Tuning jobs

The Yothalot API allows you to tune the performance of jobs. You can use these tuning parameters to either make your jobs faster - or to restrict the resources that can be used by jobs.

The tuning settings have no effect on the outcome of the map/reduce algorithm. The output will be exactly the same, but internally the Yothalot will start up different number of sub jobs, which could lead to a faster or slower algorithm.

Limiting the amount of data processed per mapper

When you add key/value pairs to a mapper job, Yothalot stores this input in temporary input files. These files are then opened by the mapper processes and the records in them extracted to be processed.

If you do not any do any tuning, yothalot will write all the input for the mappers to a single file, which, by default, will be processed by a single mapper, which means the mapping part will not use any kind of parallellism.

There are a few ways to deal with this, depending on the kind of workload you have. One way is to manually call flush() on the job after every few records. This will close the file and start a new one. The maximum number of mappers is then the number of times that flush() is called + 1.

Another option is to limit the number of bytes and/or the number of records that each mapper is allowed. If you do this, you need not manually call flush, Yothalot will split up the task on its own. Controlling this is done through the limits property inside the mapper JSON. There are two interesting properties that can be set here:

  • bytes - max number of bytes to be processed by a single mapper
  • records - max number of records to be processed by a single mapper

As you might have guessed, the bytes property limits the amount of bytes processed in a single mapper. This should - if set - be a multiple of the split size in the file (which defaults to 10 MB). This is useful if you have very few very big files (say: 100 GB). Without this setting, the entire file would be processed by a single mapper process. Limiting the number of bytes to 10240 (10 MB) would allow multiple mappers to process parts of the file - allowing for scaling out the job over the cluster.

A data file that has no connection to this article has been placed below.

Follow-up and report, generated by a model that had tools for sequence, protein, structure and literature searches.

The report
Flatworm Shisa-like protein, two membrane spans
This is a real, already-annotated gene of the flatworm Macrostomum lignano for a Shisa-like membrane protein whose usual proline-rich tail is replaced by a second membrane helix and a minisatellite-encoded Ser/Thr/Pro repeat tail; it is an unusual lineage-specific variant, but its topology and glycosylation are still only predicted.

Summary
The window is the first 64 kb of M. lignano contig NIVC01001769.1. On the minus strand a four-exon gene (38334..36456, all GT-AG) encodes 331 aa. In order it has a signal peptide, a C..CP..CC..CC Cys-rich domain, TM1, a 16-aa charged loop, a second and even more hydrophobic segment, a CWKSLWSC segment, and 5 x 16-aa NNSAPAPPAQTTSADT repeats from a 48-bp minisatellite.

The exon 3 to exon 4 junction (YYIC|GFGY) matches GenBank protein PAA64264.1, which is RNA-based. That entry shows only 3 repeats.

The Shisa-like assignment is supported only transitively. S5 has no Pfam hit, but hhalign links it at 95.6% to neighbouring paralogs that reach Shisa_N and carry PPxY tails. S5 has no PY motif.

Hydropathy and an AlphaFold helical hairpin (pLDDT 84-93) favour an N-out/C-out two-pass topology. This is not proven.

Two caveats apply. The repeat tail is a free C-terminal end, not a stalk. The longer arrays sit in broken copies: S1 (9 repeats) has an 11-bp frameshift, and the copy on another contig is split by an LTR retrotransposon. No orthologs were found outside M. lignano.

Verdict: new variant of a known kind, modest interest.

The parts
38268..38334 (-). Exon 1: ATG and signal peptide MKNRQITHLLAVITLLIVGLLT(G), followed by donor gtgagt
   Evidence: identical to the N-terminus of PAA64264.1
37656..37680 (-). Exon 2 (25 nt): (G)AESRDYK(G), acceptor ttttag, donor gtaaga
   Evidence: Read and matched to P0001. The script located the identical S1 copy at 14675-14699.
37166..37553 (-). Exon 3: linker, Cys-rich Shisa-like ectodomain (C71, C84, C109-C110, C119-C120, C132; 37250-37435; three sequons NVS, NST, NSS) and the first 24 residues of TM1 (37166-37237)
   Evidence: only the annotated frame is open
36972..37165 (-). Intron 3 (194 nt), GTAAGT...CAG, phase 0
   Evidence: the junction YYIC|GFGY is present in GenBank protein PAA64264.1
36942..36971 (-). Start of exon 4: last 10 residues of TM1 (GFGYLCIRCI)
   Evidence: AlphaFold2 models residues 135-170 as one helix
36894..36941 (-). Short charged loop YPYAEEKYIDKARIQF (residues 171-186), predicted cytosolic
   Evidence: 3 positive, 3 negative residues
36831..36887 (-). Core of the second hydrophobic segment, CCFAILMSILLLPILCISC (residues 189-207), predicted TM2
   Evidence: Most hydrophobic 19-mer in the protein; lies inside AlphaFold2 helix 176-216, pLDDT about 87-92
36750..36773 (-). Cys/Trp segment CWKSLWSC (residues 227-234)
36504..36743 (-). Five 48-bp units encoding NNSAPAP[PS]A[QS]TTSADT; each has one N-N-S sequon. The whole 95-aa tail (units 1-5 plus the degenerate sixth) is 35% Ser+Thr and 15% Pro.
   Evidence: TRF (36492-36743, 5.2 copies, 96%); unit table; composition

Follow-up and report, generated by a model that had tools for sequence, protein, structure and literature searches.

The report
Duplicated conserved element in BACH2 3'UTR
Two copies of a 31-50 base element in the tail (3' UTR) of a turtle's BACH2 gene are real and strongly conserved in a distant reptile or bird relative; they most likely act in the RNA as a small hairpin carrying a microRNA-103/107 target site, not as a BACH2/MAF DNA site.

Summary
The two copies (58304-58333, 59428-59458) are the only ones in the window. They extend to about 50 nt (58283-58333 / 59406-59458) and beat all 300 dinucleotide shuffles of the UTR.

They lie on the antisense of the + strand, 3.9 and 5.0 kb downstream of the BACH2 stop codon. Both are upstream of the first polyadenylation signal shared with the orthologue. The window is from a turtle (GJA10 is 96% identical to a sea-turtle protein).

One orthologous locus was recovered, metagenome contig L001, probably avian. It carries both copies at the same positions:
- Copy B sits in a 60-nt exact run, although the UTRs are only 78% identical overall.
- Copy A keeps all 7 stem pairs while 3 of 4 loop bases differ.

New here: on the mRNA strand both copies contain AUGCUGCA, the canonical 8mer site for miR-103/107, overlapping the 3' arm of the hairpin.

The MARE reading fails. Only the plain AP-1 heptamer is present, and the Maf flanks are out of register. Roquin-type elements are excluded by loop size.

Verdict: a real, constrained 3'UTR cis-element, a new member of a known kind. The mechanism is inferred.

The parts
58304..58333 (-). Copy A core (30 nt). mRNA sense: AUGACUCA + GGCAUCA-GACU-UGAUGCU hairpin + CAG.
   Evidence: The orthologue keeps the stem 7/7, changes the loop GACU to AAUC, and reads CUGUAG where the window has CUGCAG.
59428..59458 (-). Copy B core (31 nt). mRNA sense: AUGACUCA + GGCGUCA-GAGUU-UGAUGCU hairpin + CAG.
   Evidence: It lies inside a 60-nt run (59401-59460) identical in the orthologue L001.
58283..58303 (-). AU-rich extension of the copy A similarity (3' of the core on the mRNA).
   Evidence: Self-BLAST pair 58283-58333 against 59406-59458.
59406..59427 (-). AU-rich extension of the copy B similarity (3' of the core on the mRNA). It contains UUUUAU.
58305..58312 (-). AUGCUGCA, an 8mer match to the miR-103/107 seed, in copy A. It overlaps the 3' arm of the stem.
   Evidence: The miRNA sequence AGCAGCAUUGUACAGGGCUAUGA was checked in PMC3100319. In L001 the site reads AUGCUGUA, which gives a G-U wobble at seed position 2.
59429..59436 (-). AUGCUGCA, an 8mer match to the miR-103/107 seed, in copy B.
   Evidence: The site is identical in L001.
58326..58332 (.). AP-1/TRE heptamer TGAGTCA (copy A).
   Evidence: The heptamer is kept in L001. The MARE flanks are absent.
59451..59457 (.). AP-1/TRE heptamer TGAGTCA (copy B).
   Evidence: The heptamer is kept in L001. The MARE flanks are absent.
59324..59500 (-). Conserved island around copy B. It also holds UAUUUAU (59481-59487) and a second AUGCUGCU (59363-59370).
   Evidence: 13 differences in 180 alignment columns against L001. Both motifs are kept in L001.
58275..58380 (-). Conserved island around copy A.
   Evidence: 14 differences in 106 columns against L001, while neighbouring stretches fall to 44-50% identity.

Another useful setting is the records property, this limits the number of records that a single mapper can process. This setting can be useful when the records are small (and thus even a single split contains a lot of records) and mapping a single record is a heavy operation. This feature comes at a cost - however: Increased I/O. Every mapper has to first search for the right record to start processing - meaning all the records from the beginning of the split will be parsed (but not used!). To mitigate this problem, it is advised to set the bytes limit to the smallest possible option (the split size of the file, which defaults to 10 MB). This way, the mapper only has to search from the start of the split, and not the start of the entire file.

Setting the modulo

You can tweak the performance of your mapreduce jobs by changing the per-job modulo setting. The Yothalot framework calculates the hash value for every mapped key, and based on the hash and the modulo setting it splits up the intermediate mapped data into groups. The default modulo value is one, meaning that all data ends up in the same group, which effectively means that you do not have grouped data.

When you use a higher value for modulo, the mapped data gets grouped into multiple intermediate files, and the subsequent reducers and writers will only operate on one of these groups. This means that more processes are started (which is extra overhead), but at the same time more processes can run in parallel (which is good if you have enough CPU and memory available), and each of these processes has to process less data.

The default modulo value is 1, meaning that the data is not split up into groups. This does have advantages, because after everything has been mapped and reduced, the Yothalot framework will start only a single writer process to write all the discovered key/value pairs. This is a very nice thing, because since you have only a single writer process, you do not have to worry about race conditions, and you can thus for example write all output to a single file.

However, if you discover that a lot of time is lost in the writing phase of your map/reduce algorithm, you can start experimenting with setting the modulo to higher values. Yothalot will start up more reducers and writers, but each of these processes receive less data and can therefore run faster.

Keep in mind that if you use a modulo value higher than one, multiple writer processes are started at the end of the mapreduce algorithm, and your write() method has to be "parallelism safe". You should write to a resource that can deal with parallel writes (like a database or different files in a directory), or you should use some kind of locking mechanism.